When it comes to personal finance, what works for one person doesn’t necessarily work for another. That’s why money misconceptions can be so d dangerous. Here are four common money myths you may have heard — and perhaps even believe — that need to be put to rest once and for all.
Reality: Few people could afford to buy a home if they didn’t have a mortgage. You might not have gone to college without taking out a student loan. Instead of avoiding all debt, make sure you have a plan to pay it off by addressing high-interest loans first.
Reality: Credit cards offer flexibility that cash and debit cards can’t. Most credit card companies offer zero liability for fraudulent transactions, while most debit cards have little protections if you find the fraud after a certain date.
Plus, you can earn extras through your credit card rewards, such as airline miles for your retirement travel plans. Instead of nixing credit cards, plan to pay back the balance in full each month, avoiding the high interest charges.
Reality: There are many factors that influence day-to-day stock moves — the unpredictable news cycle, the economy, business decisions, rates and regulation — just to name a few. This why timing the market is so challenging, even for professional traders. While someone might get it right once, in order to end up ahead, studies have found one would need to guess correctly more than 65 percent of the time.¹
While only a handful of professional investors manage peak stock performance each year, the average investor’s chances are nearly microscopic. Meanwhile, you lose out on gains if your money sits on the sidelines while you seek the perfect moment to play. Stock markets are notoriously unpredictable in the short term and they should not drive investment strategy for most investors.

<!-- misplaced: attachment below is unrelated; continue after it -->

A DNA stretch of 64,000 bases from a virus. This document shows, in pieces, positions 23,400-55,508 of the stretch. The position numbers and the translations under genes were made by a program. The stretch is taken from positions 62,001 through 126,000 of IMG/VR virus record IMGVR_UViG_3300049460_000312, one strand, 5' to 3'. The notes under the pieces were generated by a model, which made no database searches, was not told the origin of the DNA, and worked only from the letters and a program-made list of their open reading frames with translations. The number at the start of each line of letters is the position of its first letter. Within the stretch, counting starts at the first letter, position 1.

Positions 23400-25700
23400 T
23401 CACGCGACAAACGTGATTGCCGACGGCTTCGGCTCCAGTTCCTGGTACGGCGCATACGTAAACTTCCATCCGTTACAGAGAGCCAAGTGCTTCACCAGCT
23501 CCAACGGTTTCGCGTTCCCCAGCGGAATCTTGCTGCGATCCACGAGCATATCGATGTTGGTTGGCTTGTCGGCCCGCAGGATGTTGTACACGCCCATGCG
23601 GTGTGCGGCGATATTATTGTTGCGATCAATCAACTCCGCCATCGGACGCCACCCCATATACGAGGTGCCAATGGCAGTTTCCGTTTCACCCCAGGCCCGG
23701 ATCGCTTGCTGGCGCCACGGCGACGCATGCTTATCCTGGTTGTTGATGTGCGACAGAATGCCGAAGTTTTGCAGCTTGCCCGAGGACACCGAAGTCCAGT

Reality: If the interest on a loan is 3.5 percent, but the expected return in the market is 5 percent, then consider adding funds to your retirement account, since you’re making more than the loan costs. You could lose out on opportunities, like the benefits of compound interest, if you’re only focused on debt repayment.
Reality: Many believe that a financial advisor’s only job is to beat the market. And you’re doing just fine.
To believe that would be to miss the main point of why it’s helpful to have a professional in your money corner. At its core, a financial advisor’s job is to keep you on track toward your financial goals. Whether it’s retirement planning, saving for college or meeting other goals, an advisor can help you determine how to approach some of life’s biggest financial decisions. With a trusted advisor, you can feel more confident regarding your financial future.
MICHAEL W. K. YEE, CFP
1585 Kapiolani Blvd., Ste. 1100, Honolulu, HI 96814
808-952-1222, ext. 1240 | email@example.com
Michael W. K. Yee, CFP®, CFS®, CLTC, CRPC ®, is a Private Wealth Advisor, Certified Financial Planner ™ practitioner with Ameriprise Financial Services Inc. in Honolulu, HI. He specializes in fee-based financial planning and asset management strategies and has been in practice for 35 years.
Investment advisory products and services are made available through Ameriprise Financial Services, Inc., a registered investment adviser.
¹Morningstar Investment Workbook: “Waiting or Market Timing”
Ameriprise Financial Services Inc. Member FINRA and SIPC.
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